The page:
Welcome to the Third Annual Zeppo Marx Appreciation Award. For this pointless award, we pay tribute to the films that may have been overlooked in favor of something flashier and more interesting. In some cases, these films exceed the expectations set by those around them. However, to remove these lesser known titles is to sacrifice what is great about cinema. Just like Zeppo Marx, these films have a thankless job that is worthy of further recognition in really arbitrary categories. Join me in honoring 10 films that are better than those films you likely call great and deserve to have more attention.
Why Michael Sheen is Taking a Break From Acting
Winner: Alice Through the Looking Glass
Better Than: Passengers, Nocturnal Animals, Masters of Sex (TV)
If there is one continuing truth, it's that movies haven't always used Michael Sheen to the best of his capabilities. While Masters of Sex has shown him working to his potential on TV (and pretty well in the final season), his filmography in 2016 has been quite the baffling set of options. Whether he's half a robot in Passengers or a "blink and you'll miss it" role in Nocturnal Animals, it does seem like loyal fans will have to sift through some garbage just to see him. Still, the news that he is going on a hiatus from acting is a baffling choice and one that most will not miss despite his immense talents. Still, if one had to guess why this decision is happening now, it's probably because of the abysmal Alice Through the Looking Glass, which is worse than the Tim Burton original yet still could likely pay for most of Sheen's expenditures in his time away from celluloid.
Winner: Popstar:: Never Stop Never Stopping
Better Than: Sing Street
If there was one thing to be thankful for in 2016, it's the movie music. While this could be applied to the musicals Moana and La La Land, it is more interesting to ask ourselves what the best fake band was. While Sing Street featured catchy music, its story was more saccharine, cornball, and timid in ways that its 80's pastiche wouldn't let it escape. Popstar was an unbridled experience of Andy Samberg's comedy music, creating one of the funniest soundtracks since Walk Hard. The lyrics expertly poke fun at the male bravado while also being out and out fun. Sure, there's no "Drive It Like You Stole It" here, but at least Samberg's lampooning feels fun and the film it's based around is a nonstop wall of laughs likely to gain cult following for decades to come.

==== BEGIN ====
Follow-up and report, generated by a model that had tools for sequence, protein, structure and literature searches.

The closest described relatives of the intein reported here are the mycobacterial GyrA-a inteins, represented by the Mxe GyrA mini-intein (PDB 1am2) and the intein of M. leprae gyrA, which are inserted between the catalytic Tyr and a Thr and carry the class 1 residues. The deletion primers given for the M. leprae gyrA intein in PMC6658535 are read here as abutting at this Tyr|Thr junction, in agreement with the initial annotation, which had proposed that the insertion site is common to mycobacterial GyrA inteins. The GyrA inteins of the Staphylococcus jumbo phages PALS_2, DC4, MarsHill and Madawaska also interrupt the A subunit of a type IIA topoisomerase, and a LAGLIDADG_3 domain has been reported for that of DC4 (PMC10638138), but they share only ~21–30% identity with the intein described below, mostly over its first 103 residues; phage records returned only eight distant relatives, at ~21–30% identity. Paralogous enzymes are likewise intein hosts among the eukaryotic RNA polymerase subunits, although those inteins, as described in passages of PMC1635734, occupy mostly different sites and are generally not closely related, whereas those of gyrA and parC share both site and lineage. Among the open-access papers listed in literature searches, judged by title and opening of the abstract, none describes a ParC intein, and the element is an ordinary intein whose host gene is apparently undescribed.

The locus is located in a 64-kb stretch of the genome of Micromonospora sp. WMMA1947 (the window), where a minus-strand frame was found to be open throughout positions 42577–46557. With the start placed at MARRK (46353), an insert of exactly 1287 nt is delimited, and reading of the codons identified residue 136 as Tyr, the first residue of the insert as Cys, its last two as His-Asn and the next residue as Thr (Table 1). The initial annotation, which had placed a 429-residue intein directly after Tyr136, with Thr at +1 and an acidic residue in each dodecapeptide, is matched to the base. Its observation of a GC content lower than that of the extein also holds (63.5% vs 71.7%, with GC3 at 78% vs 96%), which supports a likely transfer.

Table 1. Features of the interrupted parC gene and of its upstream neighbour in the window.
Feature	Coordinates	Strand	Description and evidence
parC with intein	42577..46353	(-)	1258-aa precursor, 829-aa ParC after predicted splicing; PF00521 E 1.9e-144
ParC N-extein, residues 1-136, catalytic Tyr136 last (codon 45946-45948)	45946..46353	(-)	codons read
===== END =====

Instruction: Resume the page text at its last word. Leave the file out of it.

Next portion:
Michael Fassbender's "Weird" Films
Winner: Assassin's Creed
Better Than: X-Men:: Apocalypse
There's nothing more splendid than when a great and charismatic actor like Michael Fassbender dedicates himself to the most bizarre subject matter imaginable. While The Light Between Oceans was a more conventional tale, his other two films explored a variety of themes that would take paragraphs to properly explain. Instead, it's a matter of comparing the Auschwitz-destroying brilliance of X-Men: Apocalypse to the martial arts mind games of Assassin's Creed. The latter may not make more sense, but it has more fun with its weird moments in a way that may not make it great, but definitely makes it distinguishable as a film having fun with its material. Fassbender is returning to weird territory next year with Alien: Covenant, so get ready for more madness.
Comedy Starring an Oscar-Winning Actress Born in 1946
Winner: The Meddler
Better Than: Hello My Name is Doris
For those looking for a break from the dark superhero movies of the summer, you were in luck with several lighthearted comedies starring some of America's favorite actresses. On one hand was Hello My Name is Doris, whose wardrobe alone is deserving for some Oscar consideration and whose earnestness should make Sally Fields more of an Oscar contender. However, The Meddler featured one of the more heartwarming and funny stories of the summer by turning Susan Sarandon's journey as the mother who can do anything into one of the most memorable out there. It's likely to become a crowd favorite as time goes on, making people wish that she was all of our moms.
Franchise Film Where Multiracial Cast Saves the Day
Winner: The Magnificent Seven
Better Than: Rogue One